We like a simple solution like this Elastic Shoe Laces Tie Fast Shoelaces for trail running shoes. We are looking at a new shoe lace called “Rhino Laces” now.

Tip #9 – Post workout fuel. Take care of your body after an event and make sure you get all of the clean fuel you need. Don’t be lazy and hit up a Burger Queen just because your starving and it is the closest thing. Have some coconut water in your ice chest along with some snacks like nuts with fatty oils. This will bide you time until you can get home to good food or to a restaurant – by passing that fast food place that you may crave.

Brian McKenzie talks Endurance diet + pre race nutrition

Think of your body like a Maserati on a race track. If you don’t fuel properly you run out of gas.

If you don’t take care of the tread on your tires you have a blow out.

If you don’t grease the working parts then something freezes up. Got it!

Take care of your body on the trail runs which are the training grounds to get you ready for the GoRuck and 20X and Kokoro.

Endurance nutrition before and during event

Questions from athletes in our gym and readers online.

Question: Coach, what is a good trail running shoe if your just starting out? We like the Under Armour Chetco II trail running shoes and the Asics. Another shoe for the more advanced runner is the Pearl iZUMi Peak II Trail Running Shoe. We also like La Sportiva wildcat

Question: I have a GoRuck Challenge event coming up and have heard that some athletes wear trail running shoes. Is this ok to do? Yes; some athletes do wear running shoes but they have spent a lot of time rucking and wearing them. Also they prefer to use these in an urban situation (streets) but will go with a lightweight boot when they get on wooded trails or desert. We recommend the Chetco (see above) as a running shoe for GoRuck. For a lightweight boot we recommend the Bates Ulta-lites 8 Inches Tactical Sport Boot or the Bates 922.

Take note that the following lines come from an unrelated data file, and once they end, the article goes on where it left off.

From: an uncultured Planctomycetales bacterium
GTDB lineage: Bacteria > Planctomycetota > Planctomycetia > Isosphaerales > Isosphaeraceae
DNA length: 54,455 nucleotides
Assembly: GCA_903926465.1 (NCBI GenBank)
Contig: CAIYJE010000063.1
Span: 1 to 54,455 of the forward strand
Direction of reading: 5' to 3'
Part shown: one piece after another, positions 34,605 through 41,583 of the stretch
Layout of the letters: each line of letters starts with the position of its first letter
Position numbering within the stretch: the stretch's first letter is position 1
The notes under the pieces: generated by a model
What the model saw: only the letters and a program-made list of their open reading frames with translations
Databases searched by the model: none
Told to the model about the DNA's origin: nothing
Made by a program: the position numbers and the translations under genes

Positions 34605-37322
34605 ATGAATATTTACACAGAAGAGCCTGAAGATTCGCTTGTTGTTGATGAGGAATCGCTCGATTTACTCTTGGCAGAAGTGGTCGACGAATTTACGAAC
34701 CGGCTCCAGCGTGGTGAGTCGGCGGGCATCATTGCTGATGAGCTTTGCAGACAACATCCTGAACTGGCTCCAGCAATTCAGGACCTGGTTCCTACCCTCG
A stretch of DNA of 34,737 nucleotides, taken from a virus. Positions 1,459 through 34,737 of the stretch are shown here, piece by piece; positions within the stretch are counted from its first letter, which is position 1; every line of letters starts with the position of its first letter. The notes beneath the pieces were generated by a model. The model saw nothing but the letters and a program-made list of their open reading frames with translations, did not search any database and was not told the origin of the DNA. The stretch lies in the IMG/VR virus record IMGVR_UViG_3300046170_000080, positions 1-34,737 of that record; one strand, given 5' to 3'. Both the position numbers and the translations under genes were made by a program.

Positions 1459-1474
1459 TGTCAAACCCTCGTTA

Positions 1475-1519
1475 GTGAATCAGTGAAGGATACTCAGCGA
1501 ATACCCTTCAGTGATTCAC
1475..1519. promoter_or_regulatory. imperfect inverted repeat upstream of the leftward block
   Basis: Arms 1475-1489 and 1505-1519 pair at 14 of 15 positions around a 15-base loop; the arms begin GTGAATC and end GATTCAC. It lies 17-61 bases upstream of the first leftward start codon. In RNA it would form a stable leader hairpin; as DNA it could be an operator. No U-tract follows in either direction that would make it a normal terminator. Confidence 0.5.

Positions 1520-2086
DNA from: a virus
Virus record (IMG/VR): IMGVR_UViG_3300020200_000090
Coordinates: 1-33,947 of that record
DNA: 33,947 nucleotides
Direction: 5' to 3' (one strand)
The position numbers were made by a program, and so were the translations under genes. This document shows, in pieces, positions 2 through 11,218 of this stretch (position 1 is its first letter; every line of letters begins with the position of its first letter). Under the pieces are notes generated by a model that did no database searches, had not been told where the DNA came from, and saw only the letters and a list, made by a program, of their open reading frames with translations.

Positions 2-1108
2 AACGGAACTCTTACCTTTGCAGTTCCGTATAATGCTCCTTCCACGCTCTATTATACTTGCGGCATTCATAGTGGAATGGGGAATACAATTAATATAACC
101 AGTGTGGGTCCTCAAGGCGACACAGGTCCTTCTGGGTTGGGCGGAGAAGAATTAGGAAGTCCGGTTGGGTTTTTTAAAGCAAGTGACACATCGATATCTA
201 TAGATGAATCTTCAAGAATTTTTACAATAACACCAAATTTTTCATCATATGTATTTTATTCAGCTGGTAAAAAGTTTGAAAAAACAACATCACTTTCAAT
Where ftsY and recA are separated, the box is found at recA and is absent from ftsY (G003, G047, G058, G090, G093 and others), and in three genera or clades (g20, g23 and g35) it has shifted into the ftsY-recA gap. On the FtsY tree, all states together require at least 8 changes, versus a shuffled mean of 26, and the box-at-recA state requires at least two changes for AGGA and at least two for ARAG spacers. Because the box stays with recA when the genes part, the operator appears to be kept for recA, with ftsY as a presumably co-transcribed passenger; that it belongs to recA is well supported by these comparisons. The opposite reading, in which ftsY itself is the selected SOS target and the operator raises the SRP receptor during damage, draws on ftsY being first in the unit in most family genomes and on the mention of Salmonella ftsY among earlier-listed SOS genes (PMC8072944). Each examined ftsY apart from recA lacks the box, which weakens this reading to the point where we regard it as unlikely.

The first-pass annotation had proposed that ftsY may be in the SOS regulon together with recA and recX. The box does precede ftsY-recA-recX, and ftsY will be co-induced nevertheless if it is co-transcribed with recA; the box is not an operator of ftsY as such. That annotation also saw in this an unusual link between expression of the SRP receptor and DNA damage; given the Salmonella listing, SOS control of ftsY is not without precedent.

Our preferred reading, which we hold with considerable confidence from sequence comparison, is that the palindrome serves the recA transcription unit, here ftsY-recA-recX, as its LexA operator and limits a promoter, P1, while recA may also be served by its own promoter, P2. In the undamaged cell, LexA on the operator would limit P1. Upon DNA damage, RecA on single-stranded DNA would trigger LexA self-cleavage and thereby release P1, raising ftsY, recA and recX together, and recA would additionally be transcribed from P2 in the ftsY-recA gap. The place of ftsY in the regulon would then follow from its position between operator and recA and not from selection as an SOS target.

Question: I did a really long endurance event and had a compression shorts crotch blowout on a new pair of shorts. Should I just fix them or get another pair?

Answer: Try and fix them with a needle and thread and a little bit of superglue.

Question: What is a good fuel to eat during a long event like the 12 hour GORUCK Heavy or Challenge?

Answer: I used peanuts and beef jerky and a Clif Bar goo shot during the event.

Question: Coach Brad,
Heading to do some glacier climbs in Alaska, how often would you recommend refueling during longer day hikes/ruck sacks (approximately 10-15 miles round trip) I guessed to stop every few miles and eat about 100 calories per mile and drank water often as well. Would you recommend shakes on hikes like these or is it more beneficial to eat bars and trail mix instead? I am using merino wool socks with Tundra Pro CSWP boots. Thanks for your time and advice.

Answer: Good question Lee. I would eat something small every half hour and stay fully hydrated. Are you taking a water filter and heating device with you?

About the Author:
bradBrad McLeod knows first hand about mental toughness after being kicked out of a top tier Spec Ops training unit. He failed out of BUD/S the first time after failing a math test (made it through Hell Week and Dive Pool Comp). He came back a year later and graduated and served as an operator on the Navy SEAL Teams with a total of 6 years of military service.

Contact Brad brad@sealgrinderpt.com

Check out SEALgrinderPT Coaching to help you step up and take hold of your dreams and realize your goals.